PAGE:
Pairs: Alexa Scimeca Knierim & Chris Knierim
Ice dance: Madison Chock & Evan Bates; Elliana Pogrebinsky & Alex Benoit

Trophée de France — Paris — Nov. 11-13
Ladies: Gracie Gold; Tyler Pierce
Men: Nathan Chen; Adam Rippon
Pairs: Marissa Castelli & Mervin Tran
Ice dance: Madison Hubbell & Zachary Donohue

Cup of China — Beijing — Nov. 18-20
Ladies: Karen Chen; Courtney Hicks; Ashley Wagner
Men: Max Aaron; Ross Miner
Pairs: Alexa Scimeca Knierim & Chris Knierim
Ice dance: Anastasia Cannuscio & Colin McManus; Maia Shibutani & Alex Shibutani

NHK Trophy — Sapporo, Japan — Nov. 25-27
Ladies: Karen Chen; Polina Edmunds; Mirai Nagasu
Men: Jason Brown; Nathan Chen; Grant Hochstein
Pairs: Tarah Kayne & Daniel O’Shea
Ice dance: Kaitlin Hawayek & Jean-Luc Baker

MORE: Wagner looks to 2018 after worlds breakthrough

Five takeaways from World Figure Skating Championships

Ashley Wagner, Evgenia Medvedeva, Anna Pogorilaya
AP
Leave a comment

1. U.S.’ most medals in 10 years

The U.S. earned three medals in Boston, including the most vital one in the women’s competition. It’s the nation’s best output since 2006, though it lacked the gold-medal performance of the last Worlds in the U.S. in 2009 (Evan Lysacek).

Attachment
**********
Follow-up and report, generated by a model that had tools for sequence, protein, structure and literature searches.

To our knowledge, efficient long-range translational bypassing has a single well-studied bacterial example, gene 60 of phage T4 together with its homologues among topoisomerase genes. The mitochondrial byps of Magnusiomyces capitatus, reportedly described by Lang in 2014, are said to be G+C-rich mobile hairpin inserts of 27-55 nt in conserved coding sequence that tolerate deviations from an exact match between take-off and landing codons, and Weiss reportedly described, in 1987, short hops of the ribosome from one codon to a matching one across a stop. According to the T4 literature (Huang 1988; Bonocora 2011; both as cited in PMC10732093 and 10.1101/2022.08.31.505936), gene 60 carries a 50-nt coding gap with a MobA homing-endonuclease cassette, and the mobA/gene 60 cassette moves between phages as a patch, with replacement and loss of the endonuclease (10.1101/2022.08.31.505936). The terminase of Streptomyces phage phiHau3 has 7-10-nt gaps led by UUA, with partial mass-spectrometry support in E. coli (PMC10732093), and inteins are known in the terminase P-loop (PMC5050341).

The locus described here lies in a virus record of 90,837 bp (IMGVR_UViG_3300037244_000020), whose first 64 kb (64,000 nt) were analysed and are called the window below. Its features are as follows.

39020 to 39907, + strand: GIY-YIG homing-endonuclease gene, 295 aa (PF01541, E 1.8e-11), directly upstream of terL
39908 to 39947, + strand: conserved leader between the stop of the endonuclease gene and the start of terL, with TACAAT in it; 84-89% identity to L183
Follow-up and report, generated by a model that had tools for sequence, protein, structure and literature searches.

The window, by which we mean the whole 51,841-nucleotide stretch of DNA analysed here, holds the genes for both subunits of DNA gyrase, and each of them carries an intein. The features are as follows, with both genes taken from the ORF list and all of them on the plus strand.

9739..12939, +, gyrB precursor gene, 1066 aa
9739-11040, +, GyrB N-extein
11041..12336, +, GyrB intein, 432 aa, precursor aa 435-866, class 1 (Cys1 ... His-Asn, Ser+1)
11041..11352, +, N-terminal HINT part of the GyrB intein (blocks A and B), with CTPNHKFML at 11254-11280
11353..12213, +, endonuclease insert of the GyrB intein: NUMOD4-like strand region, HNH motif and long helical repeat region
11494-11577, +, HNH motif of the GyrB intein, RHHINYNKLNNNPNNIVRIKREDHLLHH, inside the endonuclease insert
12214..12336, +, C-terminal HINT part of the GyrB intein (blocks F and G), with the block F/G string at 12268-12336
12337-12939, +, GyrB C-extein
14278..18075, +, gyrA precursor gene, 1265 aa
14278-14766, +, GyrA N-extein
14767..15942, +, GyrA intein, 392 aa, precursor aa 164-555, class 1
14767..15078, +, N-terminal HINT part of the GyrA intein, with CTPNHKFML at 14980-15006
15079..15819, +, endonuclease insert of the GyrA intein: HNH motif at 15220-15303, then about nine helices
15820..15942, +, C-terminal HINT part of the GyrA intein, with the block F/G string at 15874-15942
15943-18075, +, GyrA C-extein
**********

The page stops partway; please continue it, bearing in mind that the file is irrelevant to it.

The U.S. women will go into the 2017-18 season with their best international standing in a decade.

Ashley Wagner is now a World silver medalist in addition to a three-time Grand Prix Final medalist.

Yes, Gracie Gold dropped from her short-program lead to finish fourth, but she leaves Boston the most consistent elite woman in the world the last three years.

That’s not to mention Polina Edmunds, who is younger than Wagner and Gold yet finished between them at the U.S. Championships before pulling out of Worlds with an injury.

The U.S. men all scored personal-best free skates in Boston, but Adam RipponMax Aaron and Grant Hochstein couldn’t quite meet the goal of keeping three spots for the 2017 Worlds.

Remember, the U.S. was the only nation that had three men’s skaters at Worlds, and they all placed in the top 10. Not bad at all.

The competition for two Worlds spots at the 2017 U.S. Championships should be compelling with the returns from injury of 2015 U.S. champion Jason Brown and 2016 U.S. bronze medalist Nathan Chen and perhaps two-time Olympian Jeremy Abbott.